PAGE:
FXX Banking on The Simpsons and Syndication

By Andrew Hendricks

Look out reruns of Friends and Seinfeld, The Simpsons is the latest and largest syndication acquisition from FX's brother-station, FXX. Starting with their marathon airing of every single Simpsons episode, including The Simpsons Movie.

After the low-ratings and eventual death of the flailing Fox channel Fox Soccer, it was announced in January 2013 that a brother service to FX would be the sports channel's replacement. FXX, as it would be called (unironically unoriginal), the new network would embrace unoriginality and went fast to work acquiring syndication rights to a number of comedy shows.

Between a mix of established, popular content like How I Met Your Mother and Mad About You to well-reviewed shows with vocal fans like Arrested Development, and Parks and Recreation, FXX hopes to cut a large swath of the most coveted advertising demographics.

With a $750 million price tag for The Simpsons' syndication rights, one can see why FXX is trying to cover all their bases in the rerun marketplace. Though some would be quick to say FXX's efforts are outdated in this new media world of on-demand content, others have pointed out that FXX is making a smart business move recognizing that while the marketplace is most certainly shifting, we are certainly not yet past the tipping point.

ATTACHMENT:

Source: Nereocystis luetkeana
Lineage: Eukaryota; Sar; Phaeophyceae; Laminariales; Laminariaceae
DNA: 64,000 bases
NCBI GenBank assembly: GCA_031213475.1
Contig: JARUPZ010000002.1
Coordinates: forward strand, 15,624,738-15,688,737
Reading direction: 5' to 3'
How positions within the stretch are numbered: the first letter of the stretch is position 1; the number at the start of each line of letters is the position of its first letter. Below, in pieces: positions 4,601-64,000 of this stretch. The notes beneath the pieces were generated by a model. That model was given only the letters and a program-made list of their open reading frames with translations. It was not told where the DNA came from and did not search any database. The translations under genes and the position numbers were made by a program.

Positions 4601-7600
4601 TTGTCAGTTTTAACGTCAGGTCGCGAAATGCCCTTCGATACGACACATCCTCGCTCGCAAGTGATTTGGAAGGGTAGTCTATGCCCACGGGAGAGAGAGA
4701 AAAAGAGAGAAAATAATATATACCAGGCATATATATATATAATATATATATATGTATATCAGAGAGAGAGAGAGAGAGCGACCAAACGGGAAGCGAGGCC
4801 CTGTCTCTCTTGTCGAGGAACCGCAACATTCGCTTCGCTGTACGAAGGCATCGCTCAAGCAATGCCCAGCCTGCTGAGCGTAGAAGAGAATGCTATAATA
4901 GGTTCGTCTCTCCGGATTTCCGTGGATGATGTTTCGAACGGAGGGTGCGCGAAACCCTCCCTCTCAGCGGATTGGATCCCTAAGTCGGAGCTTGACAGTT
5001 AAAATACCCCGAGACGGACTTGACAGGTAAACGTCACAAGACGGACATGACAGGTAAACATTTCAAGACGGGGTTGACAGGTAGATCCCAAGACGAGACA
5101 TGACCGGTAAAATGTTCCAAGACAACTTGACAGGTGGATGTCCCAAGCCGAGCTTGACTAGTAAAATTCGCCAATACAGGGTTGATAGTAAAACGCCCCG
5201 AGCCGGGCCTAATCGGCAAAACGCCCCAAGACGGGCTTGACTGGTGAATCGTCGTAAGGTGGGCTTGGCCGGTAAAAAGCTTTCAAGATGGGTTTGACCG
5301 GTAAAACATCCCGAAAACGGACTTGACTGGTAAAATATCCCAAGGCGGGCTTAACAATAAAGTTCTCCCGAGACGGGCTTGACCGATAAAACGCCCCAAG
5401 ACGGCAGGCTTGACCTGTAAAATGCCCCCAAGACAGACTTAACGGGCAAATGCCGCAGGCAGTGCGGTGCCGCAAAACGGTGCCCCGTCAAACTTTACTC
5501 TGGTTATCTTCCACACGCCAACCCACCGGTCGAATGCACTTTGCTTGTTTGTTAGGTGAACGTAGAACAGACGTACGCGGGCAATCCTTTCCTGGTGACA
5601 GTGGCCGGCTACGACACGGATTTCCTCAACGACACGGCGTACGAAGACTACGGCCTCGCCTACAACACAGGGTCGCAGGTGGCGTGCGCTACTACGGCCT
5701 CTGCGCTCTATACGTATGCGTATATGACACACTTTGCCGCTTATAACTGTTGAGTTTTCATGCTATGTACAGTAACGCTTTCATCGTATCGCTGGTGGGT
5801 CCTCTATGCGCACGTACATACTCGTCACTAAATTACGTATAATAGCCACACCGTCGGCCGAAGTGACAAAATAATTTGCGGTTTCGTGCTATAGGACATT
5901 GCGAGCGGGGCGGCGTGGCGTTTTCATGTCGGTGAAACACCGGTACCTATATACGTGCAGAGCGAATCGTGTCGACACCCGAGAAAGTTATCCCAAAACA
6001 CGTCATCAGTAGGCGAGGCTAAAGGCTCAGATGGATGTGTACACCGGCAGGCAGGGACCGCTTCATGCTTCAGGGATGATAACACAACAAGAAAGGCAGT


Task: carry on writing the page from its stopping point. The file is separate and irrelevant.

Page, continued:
Television Advertising is Alive and Well reminds the title of a 2013 Forbes article. While Netflix has their subscriber model and Hulu is convincing advertisers that they're a lucrative medium, most homes still have a television, and it is still the most common way the majority of Americans view cable and network content.

A TV marathon to dwarf all others, banking on the nostalgia factor of The Simpsons was a brilliant publicity move for FXX to gain awareness that the network even exists, let alone gain the relatively-new network more viewers. Much like Yahoo purchased Community for a hefty price-tag to in hopes that the fan-base would transfer to their new medium Yahoo Screen, FXX hopes to become the dominant “general comedy” background channel. Tapping into the millions of Americans who love a good Simpsons episode playing into the background is a brilliant way the fledgling network to realize their goal.

FXX hopes that by cultivating nostalgic content you'll re-watch over and over again, rather, advertisers will see their network as the place syndicated content goes to thrive. At a $750 million dollar price tag, you can be certain FXX expects a significant return on their investment, and industry watchers say they're poised to get it.